A new study conducted by three Asian-American organizations shows there are three times as many Democrats as there are Republicans among Asian-American voters, and they favor Hillary Clinton over Donald Trump. But one group, called Chinese-Americans For Trump, is going against the tide and strongly supports the business tycoon. VOA’s Elizabeth Lee caught up with them at a Trump rally and reports from Anaheim, California.
    Video

    Video Chinese-Americans Heart Trump, Bucking National Trend

    A new study conducted by three Asian-American organizations shows there are three times as many Democrats as there are Republicans among Asian-American voters, and they favor Hillary Clinton over Donald Trump. But one group, called Chinese-Americans For Trump, is going against the tide and strongly supports the business tycoon. VOA’s Elizabeth Lee caught up with them at a Trump rally and reports from Anaheim, California.
    Video

    Video Reactions to Trump's Success Polarized Abroad

    What seemed impossible less than a year ago is now almost a certainty. New York real estate mogul Donald Trump has won the number of delegates needed to secure the Republican presidential nomination. The prospect has sparked as much controversy abroad as it has in the United States. Zlatica Hoke has more.
    Video

    Video Drawings by Children in Hiroshima Show Hope and Peace

    On Friday, President Barack Obama will visit Hiroshima, Japan, the first American president to do so while in office. In August 1945, the United States dropped an atomic bomb on the city to force Japan's surrender in World War II. Although their city lay in ruins, some Hiroshima schoolchildren drew pictures of hope and peace. The former students and their drawings are now part of a documentary called “Pictures from a Hiroshima Schoolyard.” VOA's Deborah Block has the story.
    Video

    Video Vietnamese Rapper Performs for Obama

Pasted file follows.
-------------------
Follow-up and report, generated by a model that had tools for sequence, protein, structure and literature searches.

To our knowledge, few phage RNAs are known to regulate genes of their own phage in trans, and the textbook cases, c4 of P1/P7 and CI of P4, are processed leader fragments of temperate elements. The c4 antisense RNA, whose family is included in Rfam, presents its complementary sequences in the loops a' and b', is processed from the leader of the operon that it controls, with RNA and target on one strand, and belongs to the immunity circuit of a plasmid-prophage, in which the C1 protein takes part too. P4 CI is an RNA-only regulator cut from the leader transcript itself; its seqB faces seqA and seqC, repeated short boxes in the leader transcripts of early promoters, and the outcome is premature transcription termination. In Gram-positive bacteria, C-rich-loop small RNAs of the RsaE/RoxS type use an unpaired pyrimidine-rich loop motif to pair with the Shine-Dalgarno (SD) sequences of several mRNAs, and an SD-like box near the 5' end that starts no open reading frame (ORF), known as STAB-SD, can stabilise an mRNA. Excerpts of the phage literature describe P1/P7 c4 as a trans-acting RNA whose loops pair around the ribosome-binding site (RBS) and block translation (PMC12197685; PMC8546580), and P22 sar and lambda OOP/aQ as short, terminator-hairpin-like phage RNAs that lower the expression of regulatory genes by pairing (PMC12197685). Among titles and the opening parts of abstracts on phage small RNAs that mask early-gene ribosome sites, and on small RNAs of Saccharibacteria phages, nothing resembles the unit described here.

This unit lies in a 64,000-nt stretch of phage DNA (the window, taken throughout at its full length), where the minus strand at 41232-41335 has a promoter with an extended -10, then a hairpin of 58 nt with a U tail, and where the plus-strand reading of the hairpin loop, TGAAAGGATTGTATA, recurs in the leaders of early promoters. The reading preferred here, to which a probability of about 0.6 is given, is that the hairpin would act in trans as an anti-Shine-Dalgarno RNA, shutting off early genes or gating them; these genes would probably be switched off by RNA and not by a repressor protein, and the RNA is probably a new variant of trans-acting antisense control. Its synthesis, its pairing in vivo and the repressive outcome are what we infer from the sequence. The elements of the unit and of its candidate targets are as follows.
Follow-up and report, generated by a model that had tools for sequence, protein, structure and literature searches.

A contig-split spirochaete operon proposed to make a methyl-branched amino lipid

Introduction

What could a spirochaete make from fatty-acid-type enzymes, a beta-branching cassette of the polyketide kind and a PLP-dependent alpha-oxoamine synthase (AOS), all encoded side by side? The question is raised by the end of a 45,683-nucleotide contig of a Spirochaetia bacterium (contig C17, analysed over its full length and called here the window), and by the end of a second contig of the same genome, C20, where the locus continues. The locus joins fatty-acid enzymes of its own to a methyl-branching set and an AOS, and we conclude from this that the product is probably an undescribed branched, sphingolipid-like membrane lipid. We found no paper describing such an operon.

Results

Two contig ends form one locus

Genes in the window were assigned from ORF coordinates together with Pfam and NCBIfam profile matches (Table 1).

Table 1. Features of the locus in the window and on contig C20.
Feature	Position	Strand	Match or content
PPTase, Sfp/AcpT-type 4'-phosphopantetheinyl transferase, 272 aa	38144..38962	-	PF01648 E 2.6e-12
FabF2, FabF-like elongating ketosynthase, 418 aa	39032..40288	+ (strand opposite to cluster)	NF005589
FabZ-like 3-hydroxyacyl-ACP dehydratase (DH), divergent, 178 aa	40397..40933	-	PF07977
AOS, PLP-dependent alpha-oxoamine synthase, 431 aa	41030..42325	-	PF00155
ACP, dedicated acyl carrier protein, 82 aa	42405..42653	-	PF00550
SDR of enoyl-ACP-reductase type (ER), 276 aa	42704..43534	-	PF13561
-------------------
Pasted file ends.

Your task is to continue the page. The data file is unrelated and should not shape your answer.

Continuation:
A prominent young Vietnamese artist told President Obama said she faced roadblocks as a woman rapper, and asked the president about government support for the arts. He asked her to rap, and he even offered to provide a base beat for her. Watch what happened.
    Video

    Video Roots Run Deep for Tunisia's Dwindling Jewish Community

    This week, hundreds of Jewish pilgrims are defying terrorist threats to celebrate an ancient religious festival on the Tunisian island of Djerba. The festivities cast a spotlight on North Africa's once-vibrant Jewish population that has all but died out in recent decades. Despite rising threats of militant Islam and the country's battered economy, one of the Arab world's last Jewish communities is staying put and nurturing a new generation. VOA’s Lisa Bryant reports.
    Video

    Video Meet Your New Co-Worker: The Robot

    Increasing numbers of robots are joining the workforce, as companies scale back and more processes become automated. The latest robots are flexible and collaborative, built to work alongside humans as opposed to replacing them. VOA’s Tina Trinh looks at the next generation of automated employees helping out their human colleagues.
    Video

    Video Wheelchair Technology in Tune With Times

    Technologies for the disabled, including wheelchair technology, are advancing just as quickly as everything else in the digital age. Two new advances in wheelchairs offer improved control and a more comfortable fit. VOA's George Putic reports.
    Video

    Video Baby Boxes Offer Safe Haven for Unwanted Children

    No one knows exactly how many babies are abandoned worldwide each year. The statistic is a difficult one to determine because it is illegal in most places. Therefore unwanted babies are often hidden and left to die. But as Erika Celeste reports from Woodburn, Indiana, a new program hopes to make surrendering infants safer for everyone.
    Video

    Video California Celebration Showcases Local Wines, Balloons

    Communities in the U.S. often hold festivals to show what makes them special. In California, for example, farmers near Fresno celebrate their figs and those around Gilmore showcase their garlic. Mike O'Sullivan reports that the wine-producing region of Temecula offers local vintages in an annual festival where rides on hot-air balloons add to the excitement.
    Video

    Video US Elementary School Offers Living Science Lessons

    Zero is not a good score on a test at school. But Discovery Elementary is proud of its “net zero” rating. Net zero describes a building in which the amount of energy provided by on-site renewable sources equals the amount of energy the building uses. As Faiza Elmasry tells us, the innovative features in the building turn the school into a teaching tool, where kids can't help but learn about science and sustainability. Faith Lapidus narrates.

    Special Report

    Adrift The Invisible African Diaspora